FBI: Early Test Shows Ricin In Obama Letter
WASHINGTON (AP) — The FBI says preliminary tests on a letter sent to President Barack Obama indicate the presence of poisonous ricin.
The letter is undergoing further testing because preliminary field tests can be unreliable, creating false positives.
The letter was intercepted at a facility away from the White House. It comes the day after officials said a letter sent to Sen. Roger Wicker tested positive for poisonous ricin. That letter to Wicker, a Republican, was intercepted at a Senate mail facility just outside Washington.
The FBI says there is no indication of a connection to the bombing at Monday’s Boston Marathon.
Earlier story: The U.S. Secret Service says it has intercepted a letter addressed to President Barack Obama that contained a “suspicious substance.”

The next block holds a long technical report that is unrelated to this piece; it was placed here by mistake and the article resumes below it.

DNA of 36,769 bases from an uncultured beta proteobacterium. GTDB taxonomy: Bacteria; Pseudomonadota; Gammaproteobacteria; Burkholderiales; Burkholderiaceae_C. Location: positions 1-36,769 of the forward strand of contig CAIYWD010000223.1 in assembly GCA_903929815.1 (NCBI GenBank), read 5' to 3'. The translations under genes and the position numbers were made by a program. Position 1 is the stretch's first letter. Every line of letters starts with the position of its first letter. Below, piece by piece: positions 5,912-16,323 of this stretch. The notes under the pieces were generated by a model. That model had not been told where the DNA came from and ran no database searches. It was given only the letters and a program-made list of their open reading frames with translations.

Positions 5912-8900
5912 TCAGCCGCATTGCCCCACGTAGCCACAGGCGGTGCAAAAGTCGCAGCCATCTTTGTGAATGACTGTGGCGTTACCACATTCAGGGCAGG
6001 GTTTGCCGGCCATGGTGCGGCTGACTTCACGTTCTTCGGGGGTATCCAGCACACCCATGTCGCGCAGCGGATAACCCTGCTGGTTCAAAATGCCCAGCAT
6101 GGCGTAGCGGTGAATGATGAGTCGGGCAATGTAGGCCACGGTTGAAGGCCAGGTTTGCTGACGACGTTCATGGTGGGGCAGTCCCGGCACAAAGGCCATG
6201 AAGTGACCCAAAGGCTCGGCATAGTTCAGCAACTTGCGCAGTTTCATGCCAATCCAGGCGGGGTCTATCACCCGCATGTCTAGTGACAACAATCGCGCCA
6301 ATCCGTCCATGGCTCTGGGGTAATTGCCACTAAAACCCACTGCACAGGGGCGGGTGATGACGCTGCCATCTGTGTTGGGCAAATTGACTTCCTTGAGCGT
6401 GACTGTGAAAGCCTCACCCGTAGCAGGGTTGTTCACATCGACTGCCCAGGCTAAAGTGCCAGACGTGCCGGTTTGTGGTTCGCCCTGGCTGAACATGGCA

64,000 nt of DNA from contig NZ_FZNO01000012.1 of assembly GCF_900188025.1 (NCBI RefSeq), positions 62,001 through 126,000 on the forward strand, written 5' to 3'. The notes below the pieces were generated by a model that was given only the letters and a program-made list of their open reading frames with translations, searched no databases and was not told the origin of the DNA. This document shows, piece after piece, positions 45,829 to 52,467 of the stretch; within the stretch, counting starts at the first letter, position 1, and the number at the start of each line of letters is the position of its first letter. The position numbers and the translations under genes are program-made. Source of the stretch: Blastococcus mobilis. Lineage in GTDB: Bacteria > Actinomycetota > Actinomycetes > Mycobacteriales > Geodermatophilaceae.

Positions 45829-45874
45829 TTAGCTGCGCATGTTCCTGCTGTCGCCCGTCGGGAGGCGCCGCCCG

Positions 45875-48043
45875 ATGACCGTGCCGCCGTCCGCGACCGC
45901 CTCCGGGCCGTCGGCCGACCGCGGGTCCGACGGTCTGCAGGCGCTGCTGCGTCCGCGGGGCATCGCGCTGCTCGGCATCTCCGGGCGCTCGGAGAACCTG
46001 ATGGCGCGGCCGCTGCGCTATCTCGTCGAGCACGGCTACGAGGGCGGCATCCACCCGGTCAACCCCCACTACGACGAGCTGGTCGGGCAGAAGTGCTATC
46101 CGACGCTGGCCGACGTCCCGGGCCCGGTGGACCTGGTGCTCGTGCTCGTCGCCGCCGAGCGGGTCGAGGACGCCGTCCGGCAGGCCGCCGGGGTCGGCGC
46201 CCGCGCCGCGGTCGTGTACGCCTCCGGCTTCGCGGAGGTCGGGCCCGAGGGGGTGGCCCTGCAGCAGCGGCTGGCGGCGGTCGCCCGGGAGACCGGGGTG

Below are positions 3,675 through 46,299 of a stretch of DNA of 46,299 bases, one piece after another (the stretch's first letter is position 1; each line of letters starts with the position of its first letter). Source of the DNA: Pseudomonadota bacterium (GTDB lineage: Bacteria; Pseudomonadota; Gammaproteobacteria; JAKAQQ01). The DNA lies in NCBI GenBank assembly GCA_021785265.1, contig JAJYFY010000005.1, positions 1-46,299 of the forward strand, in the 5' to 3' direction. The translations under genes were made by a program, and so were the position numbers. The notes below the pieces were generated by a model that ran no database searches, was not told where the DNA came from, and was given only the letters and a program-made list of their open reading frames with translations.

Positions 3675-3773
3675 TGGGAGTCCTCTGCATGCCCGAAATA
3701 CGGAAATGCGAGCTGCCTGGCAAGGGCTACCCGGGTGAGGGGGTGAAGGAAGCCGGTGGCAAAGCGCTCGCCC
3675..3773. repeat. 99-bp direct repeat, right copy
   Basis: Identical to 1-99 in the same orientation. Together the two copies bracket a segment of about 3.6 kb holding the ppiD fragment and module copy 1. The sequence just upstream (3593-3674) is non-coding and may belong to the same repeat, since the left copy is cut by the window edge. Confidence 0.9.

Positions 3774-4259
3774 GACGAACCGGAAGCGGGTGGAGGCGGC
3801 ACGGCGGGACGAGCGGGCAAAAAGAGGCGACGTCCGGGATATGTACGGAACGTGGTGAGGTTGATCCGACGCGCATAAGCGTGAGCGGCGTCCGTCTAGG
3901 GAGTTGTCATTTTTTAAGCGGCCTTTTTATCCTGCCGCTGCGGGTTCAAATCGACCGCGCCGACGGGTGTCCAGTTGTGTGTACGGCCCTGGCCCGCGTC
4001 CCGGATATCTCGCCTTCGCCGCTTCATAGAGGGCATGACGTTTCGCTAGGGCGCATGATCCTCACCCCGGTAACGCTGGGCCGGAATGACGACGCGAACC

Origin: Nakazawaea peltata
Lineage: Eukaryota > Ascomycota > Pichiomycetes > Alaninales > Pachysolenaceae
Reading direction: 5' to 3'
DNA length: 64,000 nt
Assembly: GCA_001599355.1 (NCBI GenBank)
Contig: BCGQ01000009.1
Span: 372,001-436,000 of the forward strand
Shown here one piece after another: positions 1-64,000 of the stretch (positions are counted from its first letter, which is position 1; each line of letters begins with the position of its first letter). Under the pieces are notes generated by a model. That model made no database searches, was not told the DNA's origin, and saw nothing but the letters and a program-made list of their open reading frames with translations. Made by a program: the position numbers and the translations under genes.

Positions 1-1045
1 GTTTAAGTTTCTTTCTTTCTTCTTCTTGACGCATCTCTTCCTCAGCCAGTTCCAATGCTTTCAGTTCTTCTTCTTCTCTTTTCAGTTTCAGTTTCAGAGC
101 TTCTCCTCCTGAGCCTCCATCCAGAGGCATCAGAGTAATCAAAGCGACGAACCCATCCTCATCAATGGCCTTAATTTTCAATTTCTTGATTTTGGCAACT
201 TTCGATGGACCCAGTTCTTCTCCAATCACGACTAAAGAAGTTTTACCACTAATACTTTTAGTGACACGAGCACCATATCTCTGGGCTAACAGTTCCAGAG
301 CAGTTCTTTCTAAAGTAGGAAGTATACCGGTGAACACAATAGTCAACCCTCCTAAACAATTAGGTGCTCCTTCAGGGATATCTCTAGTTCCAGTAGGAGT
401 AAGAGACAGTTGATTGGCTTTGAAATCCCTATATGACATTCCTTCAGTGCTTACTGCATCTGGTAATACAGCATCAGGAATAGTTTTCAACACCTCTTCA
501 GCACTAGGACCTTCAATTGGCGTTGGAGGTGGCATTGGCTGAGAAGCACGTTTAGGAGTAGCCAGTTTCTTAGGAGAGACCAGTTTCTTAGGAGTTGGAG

Secret Service spokesman Ed Donovan says the letter was intercepted at a facility away from the White House. He says the letter was received Tuesday.
The letter comes a day after lawmakers said a letter was mailed to Sen. Roger Wicker that tested positive for poisonous ricin. Another senator said police have a suspect in mind.
Tensions have been high in Washington and across the country since the deadly bombings on Monday at the Boston Marathon that killed three people and injured more than 170.
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